Presentation on theme: "Nursing Care of the Newborn"— Presentation transcript:
1 Nursing Care of the Newborn Newborns undergo many profound physiologic and psychological changes.They are released from a warm, close, dark, liquid filled environment that met all needs, into a chilly, unbound, brightly lit, gravity based, outside world.Within minutes respirations are initiated and circulatory accommodation are made.Within 24 hours neurologic, renal, endocrine, GI, and metabolic functions must operate.
2 Nursing Care of the Newborn Newborn or neonatal period is the first 28 days of life.2/3 of deaths occur in the 1st year½ occur in the 1st 24 hoursAssessmentMother’s pregnancy historyPhysical exam of the newbornLab reportsBonding
3 Profile of the Newborn All newborns are different. Vital Statistics Weight:Plot on neonatal graph (Appendix E)Average weight R/T gestational ageWhite female 7.5 lbs.– 3.4 kg.White male 7.7 lbs.-3.5 kg.Other races-0.5 lbs lessLimits-5.5 lbs to10 lbs (17 lbs largest)Newborn loses 5 to 10 % of birth weight ( 6 to 10 oz. during first few days.
4 Profile of the NewbornLoss due to salt and fluid retaining maternal hormones. Voiding and stool, and diuresis.After wt. loss then 1 day of stable wt. then recaptures birth weight within:Breastfed 10 daysFormula fed 7 daysWill gain 2 lb/month (6 to 8 oz/week) for first 6 months.Length:Female-53 cm in.Male-54 cm. –21.3 in.
5 Profile of the Newborn Limits 18 in. to 23 in. Head Circumference: 34 to 35 cm. (13.5 to 14 in.)Limits-less than 33 cm. or greater than 37 cm.Measure with tape drawn across center of forehead and around the most prominent portion of the posterior head.
6 Profile of the Newborn Chest Circumference: About 2 cm. less than head circumference (0.75 to 1 in.).Measure at level of the nipples.Viral Signs:Temp 99 F at birthNewborns lose heat by:ConvectionConductionRadiationEvaporation
7 Profile of the NewbornThey have little subcutaneous fat for insulation. Shivering is rare.They have brown fat – helps to conserve or produce body heat by increasing metabolism.Quickly dry and wrap newborns and place under radiant heat source or place directly against mothers skin.Newborn with a bacterial infection will have a subnormal temperature.
8 Profile of the Newborn Pulse: Immediately after birth 180 bpm. Within 1 hour- 120 to 140 bpm.Irregular and transient murmurs due to immaturity of the cardiac regulatory center in the medulla and closure of the shunts.Sleeping – 90 to110 bpm.Always check apical for 1 full minuteCheck femoral pulse for coarctation.
9 Profile of the Newborn Respiration: 30 to 60 breaths / min. Rate, depth, and rhythm may be irregular with short periods of apnea (without cyanosis) called periodic respirations.Observe movement of the abdomen.Coughing and sneezing clear the airway.Newborns are nose breathersShort periods of crying are beneficial.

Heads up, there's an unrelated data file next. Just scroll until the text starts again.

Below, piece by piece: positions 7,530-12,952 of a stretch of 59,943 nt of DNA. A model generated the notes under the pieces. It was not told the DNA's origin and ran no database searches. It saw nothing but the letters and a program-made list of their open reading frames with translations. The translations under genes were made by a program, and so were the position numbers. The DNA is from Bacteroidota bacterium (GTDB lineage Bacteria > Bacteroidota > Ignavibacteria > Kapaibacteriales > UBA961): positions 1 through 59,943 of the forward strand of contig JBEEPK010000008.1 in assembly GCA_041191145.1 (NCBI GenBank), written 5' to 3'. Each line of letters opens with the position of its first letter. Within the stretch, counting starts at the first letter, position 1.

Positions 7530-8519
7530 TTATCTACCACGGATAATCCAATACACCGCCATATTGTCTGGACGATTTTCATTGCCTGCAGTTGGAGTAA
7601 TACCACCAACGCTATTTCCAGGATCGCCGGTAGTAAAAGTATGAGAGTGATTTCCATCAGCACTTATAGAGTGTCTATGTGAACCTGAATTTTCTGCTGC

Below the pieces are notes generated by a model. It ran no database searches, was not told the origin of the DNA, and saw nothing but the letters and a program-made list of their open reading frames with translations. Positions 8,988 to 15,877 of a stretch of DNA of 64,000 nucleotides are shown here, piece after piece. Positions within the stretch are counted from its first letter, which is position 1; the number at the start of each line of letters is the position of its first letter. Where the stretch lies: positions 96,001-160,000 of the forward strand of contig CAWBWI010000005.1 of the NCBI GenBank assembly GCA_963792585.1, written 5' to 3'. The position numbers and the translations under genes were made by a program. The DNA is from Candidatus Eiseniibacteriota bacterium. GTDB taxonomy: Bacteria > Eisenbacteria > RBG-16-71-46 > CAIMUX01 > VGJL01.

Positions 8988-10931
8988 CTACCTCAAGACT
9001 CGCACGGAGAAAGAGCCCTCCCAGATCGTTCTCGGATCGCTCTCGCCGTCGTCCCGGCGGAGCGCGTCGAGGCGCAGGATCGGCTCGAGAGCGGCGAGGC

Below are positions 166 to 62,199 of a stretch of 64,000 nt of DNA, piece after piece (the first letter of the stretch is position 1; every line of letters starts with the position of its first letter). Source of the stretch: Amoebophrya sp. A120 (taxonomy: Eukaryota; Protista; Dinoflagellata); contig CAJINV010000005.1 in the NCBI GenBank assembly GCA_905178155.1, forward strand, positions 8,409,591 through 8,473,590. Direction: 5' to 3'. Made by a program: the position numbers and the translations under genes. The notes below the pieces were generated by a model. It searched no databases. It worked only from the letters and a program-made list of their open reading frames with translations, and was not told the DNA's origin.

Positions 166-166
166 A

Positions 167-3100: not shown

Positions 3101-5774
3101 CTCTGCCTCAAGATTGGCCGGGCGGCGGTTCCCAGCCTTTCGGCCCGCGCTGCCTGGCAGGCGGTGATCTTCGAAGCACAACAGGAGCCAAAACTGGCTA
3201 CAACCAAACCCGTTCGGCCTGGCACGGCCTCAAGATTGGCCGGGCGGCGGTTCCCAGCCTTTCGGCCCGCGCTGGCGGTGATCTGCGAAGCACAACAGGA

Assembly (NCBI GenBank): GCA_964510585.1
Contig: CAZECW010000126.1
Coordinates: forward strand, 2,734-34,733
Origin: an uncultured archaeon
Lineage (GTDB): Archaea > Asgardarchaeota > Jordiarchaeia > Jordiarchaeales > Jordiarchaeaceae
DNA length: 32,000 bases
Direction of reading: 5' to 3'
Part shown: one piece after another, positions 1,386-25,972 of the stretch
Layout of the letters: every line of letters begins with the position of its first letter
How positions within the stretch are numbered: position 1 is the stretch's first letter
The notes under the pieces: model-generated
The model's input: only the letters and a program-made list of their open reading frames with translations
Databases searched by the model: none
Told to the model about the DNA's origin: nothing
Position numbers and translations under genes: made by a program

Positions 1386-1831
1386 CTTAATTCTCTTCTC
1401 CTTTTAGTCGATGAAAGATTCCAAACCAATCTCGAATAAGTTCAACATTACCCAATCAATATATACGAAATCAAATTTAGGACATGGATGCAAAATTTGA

10 Profile of the Newborn Blood Pressure: 80/46 mm Hg at birth 10th day 100/50 mm HgCuff 2/3 the length of upper arm or thigh.Physiologic FunctionCardiovascular System:Figure 23.3 p. 634Peripheral circulation is sluggish for 1st 24 hours.Common to see cyanosis of the feet and hands (acrocyanosis) cold to touch.
11 Profile of the Newborn Blood values: Blood volume-300 mL Increased erythrocyte count-will decrease after 3 days. Breakdown of these cells cause an increase bilirubin >4 mg/100mLAt 7 mg/ml tissue is jaundice. Physiological jaundice R/T brusing, cephalhematoma, dehydration, or intestinal obstruction.Treat at phototherapy, fluids, >20 neuro kernicterus (permanent cell damage)Hgb 17-18
12 Profile of the NewbornHct 45-50% (use warm cloth on heel to increase sluggish circulation to get a more accurate value).WBC increased due to stress of birth.Blood Coagulation:Prolonged coagulation or prothrombin time for 24 hours because of low vitamin K level.Infant intestine is sterile at birth.Administer Vitamin K (AquaMephyton) 1 hour after birth in lateral anterior thigh.
13 Profile of the Newborn Respiratory: First breath initiated by Cold receptorsLowered PO2 (15 mm Hg)Increased PCO2 (70 mm Hg)Surfactant allows the alveoli to inflate more easily.1/3 of fluid is forced out of the lungs with the pressure of delivery.Within 10 min. a good residual volume is established.
14 Profile of the Newborn Gastrointestinal System: Sterile tract for 1st 24 hoursStomach holds 60 to 90 mLDecreased ability to digest fat and starchRegurgitation due to immature cardiac sphincter between stomach and esophagus.Lower glucose and protein serum levels due to immature liver.Stools – meconium 1st 24 hours. Sticky, tarlike, blackish green, odorless.
15 Profile of the NewbornIf no meconium in hours possibility of ileus, imperforate anus, or bowel obstruction.Transitional stool- day 2-3 becomes green and loose.Day 4 breastfed will pass 3-4 light yellow stools per day.Bright green is due to increased bilirubin.Watery and loose or mucus may be a milk allergy.Gray clay stool – bile duct obstruction.
16 Profile of the Newborn Urinary System Voids within 24 hours Light color and odorless; kidneys do not concentrate urine well and no reabsorption.6 voids /day 15 to 50 mLBy 1st week total daily volume is 300 mLImmune System:Unable to form antibodies the 1st 2 months.Has passive immunity from the motherHepatitis B vaccine during 1st 12 hours.
17 Profile of the Newborn Neuromuscular System: Reflex Maneuvers: Blink reflexRootingSuckingSwallowingExtrusionPalmar GraspStep-Walk in PlacePlacing
18 Profile of the Newborn Plantar Grasp Tonic Neck Moro Babinski Magnet Crossed ExtensionTrunk IncurvationLandauDeep Tendon
19 Profile of the Newborn Senses: Hearing in utero Vision see immediately, blink, follow objectsTouch well developedTaste likes glucose and avoids saltSmell breast milkAdjustment to Extrauterine LifeTable 23.1 p. 639